Indian Decade

US and India: Outsourcing Blues

The US government thinks its position on outsourcing to India is fine. It isn’t.

There’s clearly some disconnect on outsourcing between the US government and Indian companies. Unfortunately, the United States is underestimating the anger and dismay that’s being generated in India by some of its recent actions.

US President Barack Obama’s chief technology officer, Aneesh Chopra, said during a recent visit to India that the US ‘will surely listen if there are any concerns. But my sense is that companies in both countries are happy (with the current environment)’.

But Indian IT big hitters like Infosys, TCS and Wipro would beg to differ. Their top US customers are postponing new contracts given the blistering political rhetoric against IT outsourcing — especially to India — as the US heads into its mid-term congressional elections.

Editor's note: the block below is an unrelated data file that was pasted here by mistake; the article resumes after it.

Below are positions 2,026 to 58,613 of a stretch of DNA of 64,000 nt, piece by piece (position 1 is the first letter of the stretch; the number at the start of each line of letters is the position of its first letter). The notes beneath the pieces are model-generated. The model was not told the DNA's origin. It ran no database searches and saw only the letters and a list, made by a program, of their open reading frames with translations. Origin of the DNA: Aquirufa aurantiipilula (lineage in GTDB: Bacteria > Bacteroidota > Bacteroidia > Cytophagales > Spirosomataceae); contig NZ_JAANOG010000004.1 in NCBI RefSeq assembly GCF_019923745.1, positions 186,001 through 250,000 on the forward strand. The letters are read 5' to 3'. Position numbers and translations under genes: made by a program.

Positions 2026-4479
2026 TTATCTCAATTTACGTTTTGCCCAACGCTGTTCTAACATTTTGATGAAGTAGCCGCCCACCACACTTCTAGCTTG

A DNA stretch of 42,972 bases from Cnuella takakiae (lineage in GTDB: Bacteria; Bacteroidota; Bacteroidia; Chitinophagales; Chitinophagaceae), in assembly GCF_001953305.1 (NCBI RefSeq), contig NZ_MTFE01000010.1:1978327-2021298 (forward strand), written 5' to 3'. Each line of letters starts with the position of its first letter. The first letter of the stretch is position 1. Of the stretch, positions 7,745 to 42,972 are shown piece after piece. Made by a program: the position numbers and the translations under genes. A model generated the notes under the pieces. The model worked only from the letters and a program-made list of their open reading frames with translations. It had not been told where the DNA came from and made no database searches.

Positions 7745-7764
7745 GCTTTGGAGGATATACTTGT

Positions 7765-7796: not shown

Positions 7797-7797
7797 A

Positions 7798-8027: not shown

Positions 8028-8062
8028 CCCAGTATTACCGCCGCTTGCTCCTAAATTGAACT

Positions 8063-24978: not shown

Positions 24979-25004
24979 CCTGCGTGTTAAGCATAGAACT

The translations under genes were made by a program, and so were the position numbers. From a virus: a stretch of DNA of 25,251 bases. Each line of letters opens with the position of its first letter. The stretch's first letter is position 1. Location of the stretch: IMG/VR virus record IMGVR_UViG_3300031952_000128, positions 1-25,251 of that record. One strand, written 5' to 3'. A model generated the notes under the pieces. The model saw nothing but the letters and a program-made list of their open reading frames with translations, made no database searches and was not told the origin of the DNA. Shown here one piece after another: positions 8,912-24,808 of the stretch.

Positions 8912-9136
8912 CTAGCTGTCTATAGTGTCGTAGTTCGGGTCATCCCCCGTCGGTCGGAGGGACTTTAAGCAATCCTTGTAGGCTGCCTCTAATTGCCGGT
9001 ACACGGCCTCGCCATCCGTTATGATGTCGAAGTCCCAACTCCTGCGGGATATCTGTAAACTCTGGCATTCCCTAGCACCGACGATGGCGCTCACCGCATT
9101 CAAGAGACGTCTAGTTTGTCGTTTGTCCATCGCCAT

Infosys’ chief executive S. Gopalakrishnan told a business newspaper that ‘What we see from customers is that they are committing short term; they also reserve the right to cancel. So clearly, everybody is playing the short-term game at this point.’

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This point has been underscored by John C.McCarthy, vice-president and principal analyst at the US-based Forrester Research. ‘Customers,’ he is reported to have said, ‘are not pulling any trigger yet on big contracts and, unfortunately, the November election is making them even more cautious.’

With a clouded future for India’s $50 billion outsourcing industry, Obama’s November state visit to the country could be marred by anger that will be inflamed by US protectionist measures such as the steeply hiked H1-B visa fee, a move that would hurt US onsite operations of Infosys and other firms.

How will his administration respond?